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Simplifying a differentiation problem

  1. Sep 25, 2007 #1
    1. The problem statement, all variables and given/known data
    [3x^2 + 2(sqrt x)] / x

    My book says it simplified it to:

    3x + 2x ^-1/2


    I understand the 3x part since 3x^2/x = 3x
    But where did the second part come from? I tried to make sense with the power rule but it still doesn't seem clear to me. Anyone get it?
     
    Last edited: Sep 25, 2007
  2. jcsd
  3. Sep 25, 2007 #2

    dynamicsolo

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    Is this supposed to be [[3x^2 + 2(sqrt x)] / x ?

    Then it would make sense.
     
  4. Sep 25, 2007 #3
    Yes you're right. Can you explain it?
     
  5. Sep 25, 2007 #4
    There's a formula for simplying derivitives that look like big fractions like yours... i forget the name but the way it goes was: "((bottom) * derivitive[of the top] - (top)*derivitive[of the bottom])) over the bottom squared)"

    like this:

    (bottom * deriv[top]) - (top * deriv[bottom])
    ---------------------------------------------
    (bottom)^2

    that and square root is same as x^(1/2) power and just apply the chain rule i think it's called which makes it 1/(2*sqrt(x)).
    whats important is it's differant for this: (3x)^(1/2) which becomes (1/(2*sqrt(x)) * derivitive of (3x).

    on side note: if you dont have a ti89, get one. it does calculus and is extremely helpful in checking calculus homework and understanding why certain things differentiate the way they do.
     
  6. Sep 25, 2007 #5
    So this is at the end of the problem? Distribute the division: (a+b)/c = a/c + b/c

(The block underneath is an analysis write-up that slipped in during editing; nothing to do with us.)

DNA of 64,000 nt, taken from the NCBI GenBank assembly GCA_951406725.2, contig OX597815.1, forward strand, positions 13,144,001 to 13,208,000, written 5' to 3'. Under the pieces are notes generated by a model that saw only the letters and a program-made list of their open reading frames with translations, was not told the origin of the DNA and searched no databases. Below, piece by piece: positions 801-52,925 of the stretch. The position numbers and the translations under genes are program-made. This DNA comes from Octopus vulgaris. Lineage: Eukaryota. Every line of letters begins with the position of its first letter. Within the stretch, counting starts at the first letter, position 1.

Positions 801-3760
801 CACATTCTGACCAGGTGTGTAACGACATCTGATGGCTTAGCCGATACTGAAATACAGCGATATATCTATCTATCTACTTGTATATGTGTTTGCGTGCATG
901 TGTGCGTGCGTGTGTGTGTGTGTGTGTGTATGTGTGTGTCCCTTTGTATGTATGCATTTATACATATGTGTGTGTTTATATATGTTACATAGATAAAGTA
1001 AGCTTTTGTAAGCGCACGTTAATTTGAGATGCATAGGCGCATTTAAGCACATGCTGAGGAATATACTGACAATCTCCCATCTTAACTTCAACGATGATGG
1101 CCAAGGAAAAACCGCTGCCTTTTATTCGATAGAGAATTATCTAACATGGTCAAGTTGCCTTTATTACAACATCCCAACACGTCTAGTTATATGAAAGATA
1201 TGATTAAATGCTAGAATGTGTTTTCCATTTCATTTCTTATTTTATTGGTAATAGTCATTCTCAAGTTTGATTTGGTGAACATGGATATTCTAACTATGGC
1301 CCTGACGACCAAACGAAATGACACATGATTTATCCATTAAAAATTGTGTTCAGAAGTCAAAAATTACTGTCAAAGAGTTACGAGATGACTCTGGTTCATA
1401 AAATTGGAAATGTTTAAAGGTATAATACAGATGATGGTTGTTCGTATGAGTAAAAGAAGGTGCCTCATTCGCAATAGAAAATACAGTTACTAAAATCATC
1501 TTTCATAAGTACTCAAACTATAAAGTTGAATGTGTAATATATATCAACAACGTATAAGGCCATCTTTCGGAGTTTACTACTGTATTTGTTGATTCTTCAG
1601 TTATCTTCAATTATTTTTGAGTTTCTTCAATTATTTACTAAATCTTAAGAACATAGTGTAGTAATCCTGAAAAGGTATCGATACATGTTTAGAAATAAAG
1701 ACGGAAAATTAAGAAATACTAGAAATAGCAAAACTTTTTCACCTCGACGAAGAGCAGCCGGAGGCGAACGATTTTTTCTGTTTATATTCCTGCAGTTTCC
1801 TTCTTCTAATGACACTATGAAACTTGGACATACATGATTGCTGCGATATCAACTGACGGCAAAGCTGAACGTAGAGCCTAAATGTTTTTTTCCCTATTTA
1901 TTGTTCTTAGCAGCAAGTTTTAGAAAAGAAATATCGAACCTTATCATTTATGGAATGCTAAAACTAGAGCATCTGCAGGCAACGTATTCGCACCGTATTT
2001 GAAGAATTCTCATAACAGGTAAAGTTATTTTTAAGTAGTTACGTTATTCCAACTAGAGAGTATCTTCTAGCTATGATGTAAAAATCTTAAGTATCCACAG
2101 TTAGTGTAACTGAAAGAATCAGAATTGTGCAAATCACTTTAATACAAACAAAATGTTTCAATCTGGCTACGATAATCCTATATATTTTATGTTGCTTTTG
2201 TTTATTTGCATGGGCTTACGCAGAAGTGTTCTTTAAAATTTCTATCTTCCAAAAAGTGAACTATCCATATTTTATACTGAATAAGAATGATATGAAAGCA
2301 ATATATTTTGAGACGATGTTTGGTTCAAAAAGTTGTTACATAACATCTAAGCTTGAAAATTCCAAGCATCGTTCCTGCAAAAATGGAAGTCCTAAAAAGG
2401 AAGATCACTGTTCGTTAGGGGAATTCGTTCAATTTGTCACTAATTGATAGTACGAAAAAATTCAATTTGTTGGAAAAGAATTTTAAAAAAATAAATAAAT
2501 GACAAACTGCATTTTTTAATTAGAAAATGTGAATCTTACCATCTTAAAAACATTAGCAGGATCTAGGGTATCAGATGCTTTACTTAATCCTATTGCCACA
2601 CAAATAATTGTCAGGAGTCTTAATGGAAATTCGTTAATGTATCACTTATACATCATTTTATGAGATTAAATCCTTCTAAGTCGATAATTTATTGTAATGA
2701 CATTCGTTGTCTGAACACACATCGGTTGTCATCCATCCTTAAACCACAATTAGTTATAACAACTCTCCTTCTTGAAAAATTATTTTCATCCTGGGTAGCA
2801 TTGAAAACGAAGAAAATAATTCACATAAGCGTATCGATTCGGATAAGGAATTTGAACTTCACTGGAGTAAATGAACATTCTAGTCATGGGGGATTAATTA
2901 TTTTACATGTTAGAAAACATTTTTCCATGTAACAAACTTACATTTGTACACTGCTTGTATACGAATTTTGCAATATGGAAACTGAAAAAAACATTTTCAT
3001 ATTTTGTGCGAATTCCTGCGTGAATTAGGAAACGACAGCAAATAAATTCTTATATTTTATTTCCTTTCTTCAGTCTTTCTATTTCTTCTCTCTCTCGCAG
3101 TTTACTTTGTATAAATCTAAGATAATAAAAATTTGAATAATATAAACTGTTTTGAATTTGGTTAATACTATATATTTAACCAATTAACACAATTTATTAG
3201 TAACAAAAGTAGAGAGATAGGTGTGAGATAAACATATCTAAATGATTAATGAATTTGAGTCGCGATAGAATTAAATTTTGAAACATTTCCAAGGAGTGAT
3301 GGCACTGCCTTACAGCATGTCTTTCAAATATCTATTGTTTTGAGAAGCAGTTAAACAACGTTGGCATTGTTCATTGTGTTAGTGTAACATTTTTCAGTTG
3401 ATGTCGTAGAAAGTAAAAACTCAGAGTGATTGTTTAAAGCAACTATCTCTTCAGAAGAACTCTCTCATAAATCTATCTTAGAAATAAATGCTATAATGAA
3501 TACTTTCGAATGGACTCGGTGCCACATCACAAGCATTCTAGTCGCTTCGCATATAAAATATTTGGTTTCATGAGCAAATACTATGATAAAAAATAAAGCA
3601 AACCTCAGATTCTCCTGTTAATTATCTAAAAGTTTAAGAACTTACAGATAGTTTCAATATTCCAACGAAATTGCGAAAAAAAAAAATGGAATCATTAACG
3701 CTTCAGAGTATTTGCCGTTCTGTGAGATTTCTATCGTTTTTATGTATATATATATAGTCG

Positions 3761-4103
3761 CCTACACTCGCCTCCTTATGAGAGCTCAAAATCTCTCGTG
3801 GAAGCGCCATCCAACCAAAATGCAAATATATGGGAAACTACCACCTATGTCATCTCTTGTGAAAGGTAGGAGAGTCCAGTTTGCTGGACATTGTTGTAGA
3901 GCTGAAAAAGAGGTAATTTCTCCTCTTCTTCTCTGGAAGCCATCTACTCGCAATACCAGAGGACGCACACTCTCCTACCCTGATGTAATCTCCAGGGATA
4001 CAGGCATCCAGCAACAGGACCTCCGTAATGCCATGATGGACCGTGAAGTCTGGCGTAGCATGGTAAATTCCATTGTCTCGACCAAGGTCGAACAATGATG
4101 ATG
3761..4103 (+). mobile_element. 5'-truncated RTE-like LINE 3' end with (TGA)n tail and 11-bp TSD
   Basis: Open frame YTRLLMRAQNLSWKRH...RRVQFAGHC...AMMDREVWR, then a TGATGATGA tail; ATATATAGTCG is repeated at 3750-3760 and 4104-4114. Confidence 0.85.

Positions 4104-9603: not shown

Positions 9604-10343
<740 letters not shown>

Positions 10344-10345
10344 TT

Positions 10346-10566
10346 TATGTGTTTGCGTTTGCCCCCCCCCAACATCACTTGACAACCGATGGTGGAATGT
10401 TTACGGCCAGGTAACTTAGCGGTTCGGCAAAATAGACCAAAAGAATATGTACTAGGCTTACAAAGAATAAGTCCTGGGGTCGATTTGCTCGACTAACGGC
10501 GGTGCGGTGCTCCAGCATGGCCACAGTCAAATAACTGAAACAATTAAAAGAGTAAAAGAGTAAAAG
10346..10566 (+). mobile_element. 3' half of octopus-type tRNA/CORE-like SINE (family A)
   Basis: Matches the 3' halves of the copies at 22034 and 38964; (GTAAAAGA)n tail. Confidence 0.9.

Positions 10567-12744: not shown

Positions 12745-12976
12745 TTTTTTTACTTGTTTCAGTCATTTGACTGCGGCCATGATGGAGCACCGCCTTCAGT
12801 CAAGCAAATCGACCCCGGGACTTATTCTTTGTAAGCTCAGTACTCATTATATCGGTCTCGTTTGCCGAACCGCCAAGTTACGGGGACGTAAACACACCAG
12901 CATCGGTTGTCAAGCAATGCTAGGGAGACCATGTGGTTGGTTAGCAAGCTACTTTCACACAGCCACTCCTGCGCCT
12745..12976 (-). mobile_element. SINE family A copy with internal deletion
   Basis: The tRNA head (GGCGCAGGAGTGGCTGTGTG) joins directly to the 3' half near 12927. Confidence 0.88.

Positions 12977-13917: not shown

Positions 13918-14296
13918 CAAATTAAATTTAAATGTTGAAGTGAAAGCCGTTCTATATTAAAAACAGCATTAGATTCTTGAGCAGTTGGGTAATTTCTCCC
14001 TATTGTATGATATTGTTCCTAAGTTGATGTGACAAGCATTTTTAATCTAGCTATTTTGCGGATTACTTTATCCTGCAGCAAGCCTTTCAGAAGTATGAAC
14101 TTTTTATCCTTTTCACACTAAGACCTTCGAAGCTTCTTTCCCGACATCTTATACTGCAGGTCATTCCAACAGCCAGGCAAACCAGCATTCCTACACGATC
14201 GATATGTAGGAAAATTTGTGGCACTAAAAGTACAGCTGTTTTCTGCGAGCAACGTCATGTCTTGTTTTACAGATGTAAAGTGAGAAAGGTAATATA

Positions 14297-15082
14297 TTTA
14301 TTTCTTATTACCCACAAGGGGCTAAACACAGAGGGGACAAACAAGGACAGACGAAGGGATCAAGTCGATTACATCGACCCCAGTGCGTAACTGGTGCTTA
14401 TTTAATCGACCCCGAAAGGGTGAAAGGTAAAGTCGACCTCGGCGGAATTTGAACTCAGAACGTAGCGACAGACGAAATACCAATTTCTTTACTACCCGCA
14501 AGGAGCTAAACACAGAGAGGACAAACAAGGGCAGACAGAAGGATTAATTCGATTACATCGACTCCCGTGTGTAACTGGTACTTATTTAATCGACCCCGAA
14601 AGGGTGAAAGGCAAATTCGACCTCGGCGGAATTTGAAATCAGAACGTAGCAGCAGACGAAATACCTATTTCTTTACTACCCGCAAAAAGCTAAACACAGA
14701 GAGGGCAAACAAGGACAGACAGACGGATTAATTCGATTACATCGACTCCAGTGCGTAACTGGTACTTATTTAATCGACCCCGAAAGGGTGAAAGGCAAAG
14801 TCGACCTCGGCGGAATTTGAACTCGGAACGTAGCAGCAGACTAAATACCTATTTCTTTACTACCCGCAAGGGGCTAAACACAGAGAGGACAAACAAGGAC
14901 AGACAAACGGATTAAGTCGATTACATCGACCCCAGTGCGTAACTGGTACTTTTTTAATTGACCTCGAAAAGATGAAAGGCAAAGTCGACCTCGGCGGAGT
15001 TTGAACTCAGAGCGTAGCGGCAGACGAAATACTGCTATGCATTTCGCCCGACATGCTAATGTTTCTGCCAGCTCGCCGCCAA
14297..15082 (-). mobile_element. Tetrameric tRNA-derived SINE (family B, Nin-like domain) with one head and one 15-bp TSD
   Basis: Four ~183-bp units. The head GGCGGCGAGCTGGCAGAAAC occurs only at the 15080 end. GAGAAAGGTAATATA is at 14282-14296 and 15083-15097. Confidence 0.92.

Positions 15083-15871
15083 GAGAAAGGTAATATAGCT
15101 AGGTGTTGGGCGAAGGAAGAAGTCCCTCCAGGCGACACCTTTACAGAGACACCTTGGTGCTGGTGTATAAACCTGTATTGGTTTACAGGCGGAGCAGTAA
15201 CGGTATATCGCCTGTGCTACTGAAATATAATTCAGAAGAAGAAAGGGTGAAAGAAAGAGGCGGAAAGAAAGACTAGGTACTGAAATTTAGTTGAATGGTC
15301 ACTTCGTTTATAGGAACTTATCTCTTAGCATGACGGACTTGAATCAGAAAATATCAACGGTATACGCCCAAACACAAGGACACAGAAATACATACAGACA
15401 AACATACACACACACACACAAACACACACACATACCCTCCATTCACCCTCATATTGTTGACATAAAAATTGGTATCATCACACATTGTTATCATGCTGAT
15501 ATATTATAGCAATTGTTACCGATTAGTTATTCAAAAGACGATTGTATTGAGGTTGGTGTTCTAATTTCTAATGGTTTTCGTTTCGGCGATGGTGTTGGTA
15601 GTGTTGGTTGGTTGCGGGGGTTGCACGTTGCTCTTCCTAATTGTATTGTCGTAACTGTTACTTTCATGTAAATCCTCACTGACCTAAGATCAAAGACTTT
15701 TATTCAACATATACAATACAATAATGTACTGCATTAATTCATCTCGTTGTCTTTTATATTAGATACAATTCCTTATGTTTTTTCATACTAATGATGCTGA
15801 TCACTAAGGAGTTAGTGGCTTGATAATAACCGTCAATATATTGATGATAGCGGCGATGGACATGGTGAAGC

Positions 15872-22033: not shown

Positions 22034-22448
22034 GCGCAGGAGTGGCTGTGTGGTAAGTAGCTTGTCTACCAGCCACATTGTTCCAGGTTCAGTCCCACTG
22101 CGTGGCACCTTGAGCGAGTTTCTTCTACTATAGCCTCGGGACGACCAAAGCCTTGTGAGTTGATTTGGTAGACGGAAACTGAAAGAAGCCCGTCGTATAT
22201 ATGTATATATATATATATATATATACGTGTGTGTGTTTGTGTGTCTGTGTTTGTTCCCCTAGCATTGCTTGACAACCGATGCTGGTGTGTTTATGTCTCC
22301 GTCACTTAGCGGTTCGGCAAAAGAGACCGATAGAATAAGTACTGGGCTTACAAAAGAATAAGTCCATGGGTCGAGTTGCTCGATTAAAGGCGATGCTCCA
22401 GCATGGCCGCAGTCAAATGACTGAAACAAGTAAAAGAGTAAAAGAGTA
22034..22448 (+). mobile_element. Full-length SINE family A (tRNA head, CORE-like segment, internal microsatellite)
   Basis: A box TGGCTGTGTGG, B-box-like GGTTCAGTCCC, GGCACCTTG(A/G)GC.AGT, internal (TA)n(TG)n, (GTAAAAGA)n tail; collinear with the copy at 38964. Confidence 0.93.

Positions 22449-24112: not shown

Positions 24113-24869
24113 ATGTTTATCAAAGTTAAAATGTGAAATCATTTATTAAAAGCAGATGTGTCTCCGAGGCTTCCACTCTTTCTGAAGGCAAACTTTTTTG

Remember that sqrt(x) = x^1/2
     
  7. Sep 25, 2007 #6
    Yes I know the quotient rule and power rule, but I don't see how the first equation was simplified.
     
  8. Sep 25, 2007 #7
    There isn't a common factor in the original equation, though...
     
  9. Sep 25, 2007 #8

    hage567

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    I'm confused on what you think you are doing. Are you trying to differentiate the above expression, or just simplifying it? If you are just simplifying, you just divide the terms. No calculus involved in this step.
    So for the second term you have [tex]\frac{2\sqrt{x}}{x}[/tex], which is the same as [tex]\frac{2{x}^\frac{1}{2}}{x}[/tex]
    Do you know your laws of exponents?
     
  10. Sep 25, 2007 #9
    The book is saying that 2(sqrt 2) / x is the same as 2x^-1/2
    so while I did get the same answer as you, it apparently is not right according to the book.
     
  11. Sep 25, 2007 #10

    hage567

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    It is! [tex]\frac{2{x}^\frac{1}{2}}{x} = 2x^{\frac{1}{2}-1} = 2x^\frac{-1}{2}[/tex]

    When dividing, you subtract the exponents.

    I hope I'm understanding what you're asking.
     
  12. Sep 25, 2007 #11
    Oh I see it now...wow what a brain fart....anyways, thank you for explaining it to me clearly and in a nice manner.
     
  13. Sep 25, 2007 #12

    hage567

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    lol you're welcome.
     
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